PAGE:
Home Woolfolk, limited by knee, tried to gut it out: ‘It sucks that’s the way to end your season’

Woolfolk, limited by knee, tried to gut it out: ‘It sucks that’s the way to end your season’

Chris Graham
jay woolfolk uva baseball college world series
Photo: UVA Baseball/YouTube

Jay Woolfolk was a key reason this year’s UVA Baseball team was able to make a surprise stretch run to the 2024 College World Series.

Baseball, though, can be a cruel mistress.

After Woolfolk had battled back from early-season yips that cost him his spot in the starting rotation to be the guy who started and got the Ws in the Regional and Super Regional clinchers, a “freak accident” in last week’s win over Kansas State made it hard on him in his start in Virginia’s CWS elimination game with Florida State on Sunday.

“I’m sorry, it sucks that’s the way to end your season. It’s the last time I pitched. And Omaha. Just, I couldn’t tell you what really happened. Like I said, freak accident. I feel great now. I wish I could have kept going,” said Woolfolk, who was lifted with one out in the fourth inning in the 7-3 loss on Sunday.

Rewinding for a second, remember that Woolfolk had to get looked at by a trainer in the third inning of the 10-4 win over Kansas State last week after landing awkwardly following a pitch.

He was able to continue, and went on to pitch into the seventh inning, giving up three runs on six hits, with seven Ks and two walks, to get the W, but then we saw Woolfolk was wearing a protective sleeve on his right knee as he took part in UVA’s pre-College World Series practice on Thursday, and was clearly favoring his right leg while on the field and in the dugout after practice.

It’s probably the football player in him – Woolfolk was the backup to record-setting UVA QB Brennan Armstrong for two years, and started a game in place of an injured Armstrong against Notre Dame as a true freshman in 2021, before deciding last summer to give up football to concentrate his energies on his baseball career – that got him through the week to be able to make the start on Sunday.

The junior right-hander was lights-out in the first two innings on Sunday, setting FSU down in order with three strikeouts.

“Woolfolk’s fastball was hot,” Florida State coach Link Jarrett said. “Those guys (his players) talked to each other early. It was 93, 94, but they’re like, that thing is riding as much as we’ve seen.”

“I think I went, was it, six up, six down, in the first two innings. Felt great. Felt like I commanded every single pitch at will,” Woolfolk said.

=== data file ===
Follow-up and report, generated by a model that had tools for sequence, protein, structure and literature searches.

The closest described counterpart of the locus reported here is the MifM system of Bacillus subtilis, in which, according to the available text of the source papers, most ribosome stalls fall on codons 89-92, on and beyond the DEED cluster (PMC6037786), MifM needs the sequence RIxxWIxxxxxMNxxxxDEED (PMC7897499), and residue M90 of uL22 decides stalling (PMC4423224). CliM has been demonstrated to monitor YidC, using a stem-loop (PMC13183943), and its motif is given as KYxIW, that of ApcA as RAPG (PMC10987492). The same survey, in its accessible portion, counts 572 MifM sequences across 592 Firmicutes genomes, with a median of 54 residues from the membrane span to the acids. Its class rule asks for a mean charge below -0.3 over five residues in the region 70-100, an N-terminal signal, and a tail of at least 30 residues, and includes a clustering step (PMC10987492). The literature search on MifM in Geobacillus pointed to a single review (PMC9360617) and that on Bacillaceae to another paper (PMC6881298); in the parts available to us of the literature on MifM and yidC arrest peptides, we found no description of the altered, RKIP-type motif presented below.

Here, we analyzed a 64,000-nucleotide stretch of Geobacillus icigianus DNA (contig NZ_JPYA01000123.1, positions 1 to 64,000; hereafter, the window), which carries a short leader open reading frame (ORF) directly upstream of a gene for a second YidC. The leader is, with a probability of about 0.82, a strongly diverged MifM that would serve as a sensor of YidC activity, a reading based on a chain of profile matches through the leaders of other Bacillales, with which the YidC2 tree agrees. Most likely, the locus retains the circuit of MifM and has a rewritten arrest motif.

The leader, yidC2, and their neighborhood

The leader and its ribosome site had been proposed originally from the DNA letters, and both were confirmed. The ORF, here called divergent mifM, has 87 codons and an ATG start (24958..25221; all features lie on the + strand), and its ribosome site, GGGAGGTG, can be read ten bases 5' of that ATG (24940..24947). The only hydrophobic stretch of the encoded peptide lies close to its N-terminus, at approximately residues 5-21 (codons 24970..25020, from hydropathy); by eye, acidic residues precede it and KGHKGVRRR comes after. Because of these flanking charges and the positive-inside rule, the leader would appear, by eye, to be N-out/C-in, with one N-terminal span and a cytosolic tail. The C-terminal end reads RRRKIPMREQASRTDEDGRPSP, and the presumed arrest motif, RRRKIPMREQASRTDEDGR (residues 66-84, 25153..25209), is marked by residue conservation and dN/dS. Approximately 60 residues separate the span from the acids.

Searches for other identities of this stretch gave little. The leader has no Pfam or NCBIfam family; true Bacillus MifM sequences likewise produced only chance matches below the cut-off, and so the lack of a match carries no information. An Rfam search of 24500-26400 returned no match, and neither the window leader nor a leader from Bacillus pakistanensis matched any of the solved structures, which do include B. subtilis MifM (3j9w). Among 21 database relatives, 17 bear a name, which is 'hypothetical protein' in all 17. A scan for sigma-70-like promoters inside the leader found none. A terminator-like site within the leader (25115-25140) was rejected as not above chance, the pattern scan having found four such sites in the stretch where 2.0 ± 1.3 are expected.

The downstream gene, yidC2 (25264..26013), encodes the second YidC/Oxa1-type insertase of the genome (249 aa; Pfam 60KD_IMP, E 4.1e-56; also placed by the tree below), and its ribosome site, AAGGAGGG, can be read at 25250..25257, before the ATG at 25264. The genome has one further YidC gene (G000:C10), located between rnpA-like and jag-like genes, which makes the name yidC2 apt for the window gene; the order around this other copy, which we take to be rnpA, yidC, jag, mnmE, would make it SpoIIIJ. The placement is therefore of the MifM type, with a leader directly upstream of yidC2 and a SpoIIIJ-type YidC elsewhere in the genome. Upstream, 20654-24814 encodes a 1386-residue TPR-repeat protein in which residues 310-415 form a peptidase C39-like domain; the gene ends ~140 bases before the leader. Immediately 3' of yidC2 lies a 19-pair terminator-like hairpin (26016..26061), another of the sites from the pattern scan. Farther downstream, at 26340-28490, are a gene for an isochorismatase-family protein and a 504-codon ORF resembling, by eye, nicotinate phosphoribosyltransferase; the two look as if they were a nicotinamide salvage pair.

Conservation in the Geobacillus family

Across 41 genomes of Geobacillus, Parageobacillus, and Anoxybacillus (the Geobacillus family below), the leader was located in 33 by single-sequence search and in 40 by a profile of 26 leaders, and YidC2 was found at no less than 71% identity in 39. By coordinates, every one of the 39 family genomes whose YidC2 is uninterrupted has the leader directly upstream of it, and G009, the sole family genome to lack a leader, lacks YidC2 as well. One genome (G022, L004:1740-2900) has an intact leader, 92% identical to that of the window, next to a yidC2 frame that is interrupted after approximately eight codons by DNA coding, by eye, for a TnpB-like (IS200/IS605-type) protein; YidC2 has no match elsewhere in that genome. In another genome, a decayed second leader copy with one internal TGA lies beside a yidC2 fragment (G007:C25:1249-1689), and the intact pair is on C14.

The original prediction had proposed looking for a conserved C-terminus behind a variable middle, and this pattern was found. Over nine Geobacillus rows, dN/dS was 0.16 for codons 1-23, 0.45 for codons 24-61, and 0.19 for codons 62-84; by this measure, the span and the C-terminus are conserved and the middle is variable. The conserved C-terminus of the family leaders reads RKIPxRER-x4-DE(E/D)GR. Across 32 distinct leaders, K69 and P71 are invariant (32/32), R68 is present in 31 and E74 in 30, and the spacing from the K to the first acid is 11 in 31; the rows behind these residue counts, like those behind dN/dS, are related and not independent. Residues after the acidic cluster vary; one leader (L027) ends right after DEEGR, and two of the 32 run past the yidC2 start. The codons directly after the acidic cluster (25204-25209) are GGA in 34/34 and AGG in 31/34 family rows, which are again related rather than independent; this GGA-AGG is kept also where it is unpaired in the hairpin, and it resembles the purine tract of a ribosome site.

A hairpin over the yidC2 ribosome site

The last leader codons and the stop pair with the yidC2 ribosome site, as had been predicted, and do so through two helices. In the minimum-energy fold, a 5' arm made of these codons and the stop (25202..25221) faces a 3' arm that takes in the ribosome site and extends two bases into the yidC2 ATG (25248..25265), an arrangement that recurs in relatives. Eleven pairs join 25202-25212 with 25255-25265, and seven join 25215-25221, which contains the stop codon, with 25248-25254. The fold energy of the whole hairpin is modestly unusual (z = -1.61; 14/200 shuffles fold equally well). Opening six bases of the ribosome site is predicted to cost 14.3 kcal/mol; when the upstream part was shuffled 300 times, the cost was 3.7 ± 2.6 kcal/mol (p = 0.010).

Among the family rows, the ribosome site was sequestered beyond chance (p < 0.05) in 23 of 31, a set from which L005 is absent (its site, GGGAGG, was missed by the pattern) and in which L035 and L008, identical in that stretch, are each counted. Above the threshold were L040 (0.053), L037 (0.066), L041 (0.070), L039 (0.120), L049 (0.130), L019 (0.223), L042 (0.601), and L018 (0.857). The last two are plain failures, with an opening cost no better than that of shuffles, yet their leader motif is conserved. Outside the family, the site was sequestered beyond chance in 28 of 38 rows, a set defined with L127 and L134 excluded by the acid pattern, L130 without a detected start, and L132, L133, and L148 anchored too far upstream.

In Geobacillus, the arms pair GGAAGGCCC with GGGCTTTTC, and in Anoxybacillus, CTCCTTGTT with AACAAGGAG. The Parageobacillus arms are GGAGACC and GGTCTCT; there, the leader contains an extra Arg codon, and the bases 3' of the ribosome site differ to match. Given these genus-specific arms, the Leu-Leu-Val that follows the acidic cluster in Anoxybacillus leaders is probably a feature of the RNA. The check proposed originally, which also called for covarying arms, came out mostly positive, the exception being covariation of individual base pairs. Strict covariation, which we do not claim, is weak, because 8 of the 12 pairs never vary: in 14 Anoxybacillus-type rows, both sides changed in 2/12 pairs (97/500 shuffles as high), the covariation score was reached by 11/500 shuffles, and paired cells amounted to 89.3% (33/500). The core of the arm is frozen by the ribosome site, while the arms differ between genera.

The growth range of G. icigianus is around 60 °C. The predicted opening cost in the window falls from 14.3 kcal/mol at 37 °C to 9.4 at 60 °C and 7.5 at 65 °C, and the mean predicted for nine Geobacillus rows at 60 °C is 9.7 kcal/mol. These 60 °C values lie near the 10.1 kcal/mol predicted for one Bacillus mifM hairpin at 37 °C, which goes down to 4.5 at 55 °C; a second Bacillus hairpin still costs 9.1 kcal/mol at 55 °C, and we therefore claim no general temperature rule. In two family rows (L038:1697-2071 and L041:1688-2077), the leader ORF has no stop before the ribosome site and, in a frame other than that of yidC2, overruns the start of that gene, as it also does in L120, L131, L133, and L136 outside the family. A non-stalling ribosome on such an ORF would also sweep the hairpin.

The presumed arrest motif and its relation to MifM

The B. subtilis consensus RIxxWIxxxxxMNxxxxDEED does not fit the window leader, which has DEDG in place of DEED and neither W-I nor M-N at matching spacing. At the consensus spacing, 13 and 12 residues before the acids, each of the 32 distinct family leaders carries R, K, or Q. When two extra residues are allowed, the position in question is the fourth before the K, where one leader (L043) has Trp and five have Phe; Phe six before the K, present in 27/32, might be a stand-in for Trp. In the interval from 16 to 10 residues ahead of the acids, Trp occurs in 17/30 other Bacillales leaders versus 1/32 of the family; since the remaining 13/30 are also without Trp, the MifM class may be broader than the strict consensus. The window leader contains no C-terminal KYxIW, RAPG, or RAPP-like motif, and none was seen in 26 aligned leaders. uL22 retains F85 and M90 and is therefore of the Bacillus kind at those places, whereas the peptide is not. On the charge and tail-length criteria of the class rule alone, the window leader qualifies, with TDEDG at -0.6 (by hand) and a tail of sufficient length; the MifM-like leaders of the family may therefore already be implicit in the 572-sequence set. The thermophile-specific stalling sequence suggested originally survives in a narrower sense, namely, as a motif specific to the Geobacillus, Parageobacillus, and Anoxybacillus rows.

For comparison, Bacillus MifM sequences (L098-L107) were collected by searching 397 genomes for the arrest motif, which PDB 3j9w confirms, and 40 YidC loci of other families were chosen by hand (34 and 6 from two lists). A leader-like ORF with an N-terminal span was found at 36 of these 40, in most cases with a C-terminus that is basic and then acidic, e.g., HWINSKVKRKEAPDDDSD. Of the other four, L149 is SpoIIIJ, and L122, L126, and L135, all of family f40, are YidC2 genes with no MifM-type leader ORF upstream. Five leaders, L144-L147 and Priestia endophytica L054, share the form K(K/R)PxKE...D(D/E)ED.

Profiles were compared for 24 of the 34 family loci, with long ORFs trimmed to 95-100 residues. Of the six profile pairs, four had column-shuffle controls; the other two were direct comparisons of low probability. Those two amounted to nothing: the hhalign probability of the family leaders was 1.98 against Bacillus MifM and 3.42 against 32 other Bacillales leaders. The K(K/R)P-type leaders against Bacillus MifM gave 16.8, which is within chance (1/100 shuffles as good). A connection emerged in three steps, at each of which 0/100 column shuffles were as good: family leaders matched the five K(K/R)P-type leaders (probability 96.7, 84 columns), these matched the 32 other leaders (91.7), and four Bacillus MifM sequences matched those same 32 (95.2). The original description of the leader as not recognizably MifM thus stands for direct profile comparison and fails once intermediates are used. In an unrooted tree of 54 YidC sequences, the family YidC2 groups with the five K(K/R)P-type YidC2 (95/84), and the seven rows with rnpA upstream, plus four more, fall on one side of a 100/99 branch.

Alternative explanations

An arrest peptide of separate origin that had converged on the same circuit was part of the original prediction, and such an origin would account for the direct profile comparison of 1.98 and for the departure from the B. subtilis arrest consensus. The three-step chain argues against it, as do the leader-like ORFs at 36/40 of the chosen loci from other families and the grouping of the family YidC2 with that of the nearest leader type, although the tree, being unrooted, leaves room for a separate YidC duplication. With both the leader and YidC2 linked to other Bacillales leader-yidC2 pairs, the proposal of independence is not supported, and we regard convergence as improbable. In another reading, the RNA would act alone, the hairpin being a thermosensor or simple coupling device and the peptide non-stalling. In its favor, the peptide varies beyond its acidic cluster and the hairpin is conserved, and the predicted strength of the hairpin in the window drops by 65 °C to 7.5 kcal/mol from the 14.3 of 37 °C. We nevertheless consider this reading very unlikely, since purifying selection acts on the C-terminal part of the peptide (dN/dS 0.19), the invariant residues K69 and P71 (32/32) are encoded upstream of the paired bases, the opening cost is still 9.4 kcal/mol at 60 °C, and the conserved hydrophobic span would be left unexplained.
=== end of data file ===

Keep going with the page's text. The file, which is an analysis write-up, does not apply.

FSU, though, started to get to Woolfolk in the third. Alex Lodise led off the inning with a line shot to the warning track in left that Anthony Stephan made a highlight-reel running catch on for out #1.

The next hitter, Drew Faurot, ripped a single through the hole between first and second.

Woolfolk got Jaxson West to pop up to third for out #2, ahead of Max Williams, the one-hole hitter, dropping a soft liner to the grass in short left for a single.

Woolfolk got ahead of Cam Smith 1-2 before losing him for a walk to load the bases, then he walked James Tibbs III to force in the first run of the game.

Marco Dinges grounded out to second to allow Woolfolk to escape the inning with just the one run coming across.

Leading off the fourth, Jaime Ferrer drove Woolfolk’s first pitch halfway up the stands in left field for a solo homer.

UVA coach Brian O’Connor and trainer Brian McGuire came out to check on Woolfolk, who was walking gingerly behind the mound after the homer, and left him in the game after Woolfolk completed a round of warmup pitches.

After getting Daniel Cantu to line out to center, Woolfolk walked Lodise, prompting another visit from O’Connor and McGuire, and the decision to lift Woolfolk in favor of Joe Savino.

“It pained me to take him out of the game, but you all saw him hobbling out there,” O’Connor said, explaining that “as much as he wants to gut through it, when your velocity drops two or three miles an hour, and you can see him not moving athletically on the mound like he does when he’s fine,” he really had no choice.

Woolfolk, for his part, insisted after the game that he felt like he “could have kept going,” but again, that’s probably the football player talking.

It was almost certainly the last game in a Virginia uniform – baseball or football – for Woolfolk, who is a projected third- to fifth-round pick in next month’s MLB Draft.

Woolfolk was, understandably, emotional in the moments after his final college game.

“Coach Bronco Mendenhall, Coach Tony (Elliott), and now Coach Oak, these past few years, I want you all to know I gave you all everything that I had on the field, off the field, in the classroom. I don’t know where I am today without them. Obviously, my family. But Coach Oak, you know, took a chance on a man who came to UVA not a hundred percent in baseball,” Woolfolk said.

“I could talk on about Coach Elliott and Coach Mendenhall, but just, Coach Oak, since you’re here, know that I gave everything that I had, and thank you for making me the man I am today. I wouldn’t be this far without you. The talks we had when the season was down, I wouldn’t be here where I am, what you’ve done for me and my family,” Woolfolk said.

Chris Graham

Chris Graham

Chris Graham, the king of "fringe media," is the founder and editor of Augusta Free Press. A 1994 alum of the University of Virginia, Chris is the author and co-author of seven books, including Poverty of Imagination, a memoir published in 2019, and Team of Destiny: Inside Virginia Basketball’s Run to the 2019 National Championship, and The Worst Wrestling Pay-Per-View Ever, published in 2018. For his commentaries on news, sports and politics, go to his YouTube page, or subscribe to his Street Knowledge podcast. Email Chris at [email protected].

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